Wouldn't is be great if GFC could have a new baseball diamond and grandstand on the south side of the g y m ? Also a cinder track running around the football field with a new football stadium. This is the dream which Coach Bales is picturing in his mind. And all that is needed is some of the "green stuff." I t is a dream which perhaps will evolve into actual existence somewhere down the road in the future. A golf course and tennis courts would help even more in a wellrounded athletic program here at GFC. /GF Club Welcomes Members For GF club neophytes enjoyed a QUICK, FAST welcoming party into the men's CLEANING and lettering organization last night from 7 p. m. on. Prospective memDELIVERY SERVICE bers included any who wished to Try the join who had earned a major athletic letter. Members, both old and new, planned to travel to an ocean Second and Edwards camp site this afternoon.
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George Fox Leads Quakers Triumph in Day Day Classic; Conference League Reed Gives GFC Second League Win The George Fox baseball team, currently leading the Metropolitan Collegiate conference, has four league games remaining on the schedule. Tomorrow the Nard McGrath coached nine travels to Columbia park in Portland to meet Multnomah college. Next Tuesday's opponent will be Concordia on the enemy field. On May 20, one week later, Multnomah will pay a return visit to the local fiald. Following Friday, May 23, will pit Concordia against the Quakers in the season finale on the George Fox diamond. Verne Martin, first baseman, and pitcher Paul Ralphs lead the hitting parade with five hits in nine attempts. Nigel Shockey, who joined the squad late has rapped out two base blows in three times at the plate. Ralphs also leads the runs-batted-in with five, while Martin, Zeller, Andrews, and Ralphs have each scored three times to lead in that department. The batting averages: GFC AB H R BA Shockey, rf 3 2 1 .687 Martin, fb 9 5 3 .556 Ralphs, p 9 5 3 .556 Mardock, ss 9 4 2 '.444 Ryan, rf 4 1 2 .250 Beebe, tf 4 1 0 .250 Zeller, c 9 2 3 .222 Kendall, tb 6 1 0 .167 Andrews, sb ....10 1 3 .100 L. Brown, If .... 4 0 1 .000 Hampton, If 3 0 1 .000 C. Brown, ph .... 2 0 0 .000 Isgrigg, ph 1 0 0 .000 C. Ralphs, ph .... 1 0 0 .000 Cox, ph 1 0 0 .000 Total Opponents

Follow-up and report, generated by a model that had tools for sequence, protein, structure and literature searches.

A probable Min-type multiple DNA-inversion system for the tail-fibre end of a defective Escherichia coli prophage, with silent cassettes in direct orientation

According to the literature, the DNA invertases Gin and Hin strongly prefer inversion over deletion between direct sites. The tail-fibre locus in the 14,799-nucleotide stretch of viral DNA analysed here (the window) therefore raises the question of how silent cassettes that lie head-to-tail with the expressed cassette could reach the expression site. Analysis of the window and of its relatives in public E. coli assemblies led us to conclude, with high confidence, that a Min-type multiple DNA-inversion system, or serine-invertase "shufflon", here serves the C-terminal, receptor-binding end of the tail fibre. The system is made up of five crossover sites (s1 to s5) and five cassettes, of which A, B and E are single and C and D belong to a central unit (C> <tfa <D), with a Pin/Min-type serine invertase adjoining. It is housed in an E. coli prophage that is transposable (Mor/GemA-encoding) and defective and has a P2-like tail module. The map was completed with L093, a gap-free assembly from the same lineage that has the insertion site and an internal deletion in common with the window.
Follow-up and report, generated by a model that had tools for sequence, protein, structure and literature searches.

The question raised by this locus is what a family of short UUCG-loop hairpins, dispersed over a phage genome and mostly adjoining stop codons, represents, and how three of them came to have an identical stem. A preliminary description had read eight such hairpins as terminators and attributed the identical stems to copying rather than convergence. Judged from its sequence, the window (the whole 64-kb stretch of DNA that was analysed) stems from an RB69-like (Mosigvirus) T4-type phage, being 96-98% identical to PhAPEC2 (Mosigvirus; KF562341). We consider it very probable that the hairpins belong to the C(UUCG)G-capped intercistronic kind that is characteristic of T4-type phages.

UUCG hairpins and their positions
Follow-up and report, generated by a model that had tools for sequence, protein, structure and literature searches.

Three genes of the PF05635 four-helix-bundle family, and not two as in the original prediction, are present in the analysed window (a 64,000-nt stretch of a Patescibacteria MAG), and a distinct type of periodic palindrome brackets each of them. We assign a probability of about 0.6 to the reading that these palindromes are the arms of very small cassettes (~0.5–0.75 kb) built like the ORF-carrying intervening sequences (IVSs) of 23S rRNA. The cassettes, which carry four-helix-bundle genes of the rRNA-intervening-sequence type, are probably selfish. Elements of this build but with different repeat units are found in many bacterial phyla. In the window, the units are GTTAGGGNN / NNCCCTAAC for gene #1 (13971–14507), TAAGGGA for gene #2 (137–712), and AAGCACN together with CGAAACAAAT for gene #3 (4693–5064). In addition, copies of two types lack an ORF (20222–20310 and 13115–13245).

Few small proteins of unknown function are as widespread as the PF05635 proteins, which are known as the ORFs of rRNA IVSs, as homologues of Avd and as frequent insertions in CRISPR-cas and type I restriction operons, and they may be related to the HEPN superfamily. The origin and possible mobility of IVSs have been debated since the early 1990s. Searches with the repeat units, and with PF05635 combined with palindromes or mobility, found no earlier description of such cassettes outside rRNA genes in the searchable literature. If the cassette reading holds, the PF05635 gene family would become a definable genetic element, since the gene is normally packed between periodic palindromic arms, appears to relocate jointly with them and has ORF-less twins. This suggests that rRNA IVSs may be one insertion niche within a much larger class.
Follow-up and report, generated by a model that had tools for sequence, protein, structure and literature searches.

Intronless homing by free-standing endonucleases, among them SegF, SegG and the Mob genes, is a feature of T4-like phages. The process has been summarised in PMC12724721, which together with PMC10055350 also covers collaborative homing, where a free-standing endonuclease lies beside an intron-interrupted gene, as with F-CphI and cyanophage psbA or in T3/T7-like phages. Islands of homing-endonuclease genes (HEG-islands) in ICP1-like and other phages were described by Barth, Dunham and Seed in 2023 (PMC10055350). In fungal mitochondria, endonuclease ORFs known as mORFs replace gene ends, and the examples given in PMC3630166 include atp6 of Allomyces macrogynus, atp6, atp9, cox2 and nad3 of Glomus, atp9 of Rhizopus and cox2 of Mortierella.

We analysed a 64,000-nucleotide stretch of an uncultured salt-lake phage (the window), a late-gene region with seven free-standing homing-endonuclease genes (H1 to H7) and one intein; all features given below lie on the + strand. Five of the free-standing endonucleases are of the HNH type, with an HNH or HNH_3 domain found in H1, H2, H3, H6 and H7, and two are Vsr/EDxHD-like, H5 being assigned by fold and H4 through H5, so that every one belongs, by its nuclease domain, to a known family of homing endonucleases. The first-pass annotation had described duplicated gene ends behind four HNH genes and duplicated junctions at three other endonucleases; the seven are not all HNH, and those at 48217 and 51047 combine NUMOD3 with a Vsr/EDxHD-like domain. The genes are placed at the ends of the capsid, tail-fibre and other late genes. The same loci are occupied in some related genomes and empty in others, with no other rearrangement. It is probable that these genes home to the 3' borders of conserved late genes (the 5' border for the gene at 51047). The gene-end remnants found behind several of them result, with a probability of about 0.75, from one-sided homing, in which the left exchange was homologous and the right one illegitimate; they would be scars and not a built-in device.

Track Meet Postponed The track meet that was postponed from May 1 to 8 has again been postponed because of too much rain. The tri-meet was to be run on the Reed college track.
A four run uprising in the sixth inning gave George F o x a 12-8 win over Reed in a sloppily played May Day game here Saturday. The Quakers committed six errors, three times as many as had been made by the local team in two previous games. It marked the second Metropolitan conference win in as many starts for Coach Nard McGrath's men. The earlier conquest of Reed was a 9-0 one-hitter pitched by Paul Ralphs, as the Quakers played errorless ball. George Fox opened the scoring Saturday with three runs in the bottom of the first inning as Sammy Andrews, Verne Martin, Bill Mardock, and Dick Zeller walked, and Nigel Shockey lined a single to right field. Four consecutive singles, coupled with a walk, an infield error, and another one base blow gave Reed six runs in the top of the second frame. The Griffins added another in the third on a single, an error, and an unsuccessful fielder's choice. After Martin had grounded out to open the GFC third, Mardock tripled to deep left-center. Dick Zeller tapped a slow roller to third and Mardock was caught between third base and the plate for two outs. Then Dave Elliott, Nigel Shockey, and Marvin Hampton walked, and singles by Paul Ralphs and Ralph Beebe completed the five runs stanza, giving the McGrathmen an 8-7 lead. Reed turned two infield errors into a run to tie the count 8-8 in the fifth inning. With one out in the bottom of the sixth, Martin singled, Mardock doubled, and Zeller, Harry Ryan, and Shockey all slashed one-basers to take a 12-8 lead. The Griffins threatened in the seventh, as McCrea made it to first on an error and Larson was hit by a pitched ball. However, a perfect pick-off play from pitcher Ralphs to shortstop Mardock
Quakerettes Top May Day Crowns Academy Horseshoe Champs Salem Monday spelled victory for In the championship contest on May Day, Marv Hampton tossed his Way to victory over Bill Field in the men's singles division. Enid Briggs topped Rosemary Ramsey in the women's competition. Retaining his winning form, Hampton, matched with Jim Leidke, posted a men's doubles win over Jerry Carr and John Wood. Jerry Carr and Yvonne Hubbard outscored Bill Field and Ruth Canfield in the mixed doubles contest.
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the GFC girls' Softball team as it defeated Salem academy in a close struggle, '9-7. Marilyn Barnes saved th? day when she snatched a high fly in center field and stopped a two run play. Rosemary Ramsey played a neat short -field. Both teams made several errors, but the Quakerettes hope for improvement in future frames. Since 1947 the girls' teams have played 20 games, winning 10 and losing 10.
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Reed: AB Adams, sb 4 Tanabe, tb 4 McCream, rf .... 3 Larson, cf 3 Flint, If 4 Gale, p 3 Markson, ss .... 3 Erikson, fb 3 Warren, c 2 Total
H 0 1 1 2 1 1 0 0
George Fox: A B Beebe, tb 4 Andrews, sb .... 3 Martin, fb 3 Mardock, ss .... 3 Zeller, c 3 Elliott, cf 2 Ryan, X 1 Shockey, rf 3 Hampton If .... 3 Ralphs, p 3 Total 28
H 0 2 2 1 0 1 2 0 2 11
X R y a n singled for sixth inning.
PO 2 1 1 0 0 0 0 1 8 6
A 3 1 0 0 0 2 1 0 1
PO A 1 1 1 5 3 6 1 2 0 6 1 1 1 0 0 0 0 0 0 0 3 21 9 Elliott
R. H F Reed 061 010 0 — 8 7 2 George Fox ....305 004 *—12 11 6
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erased the lead runner. Then Ralphs struck out Flint and forced Gale to pop up to third to end it.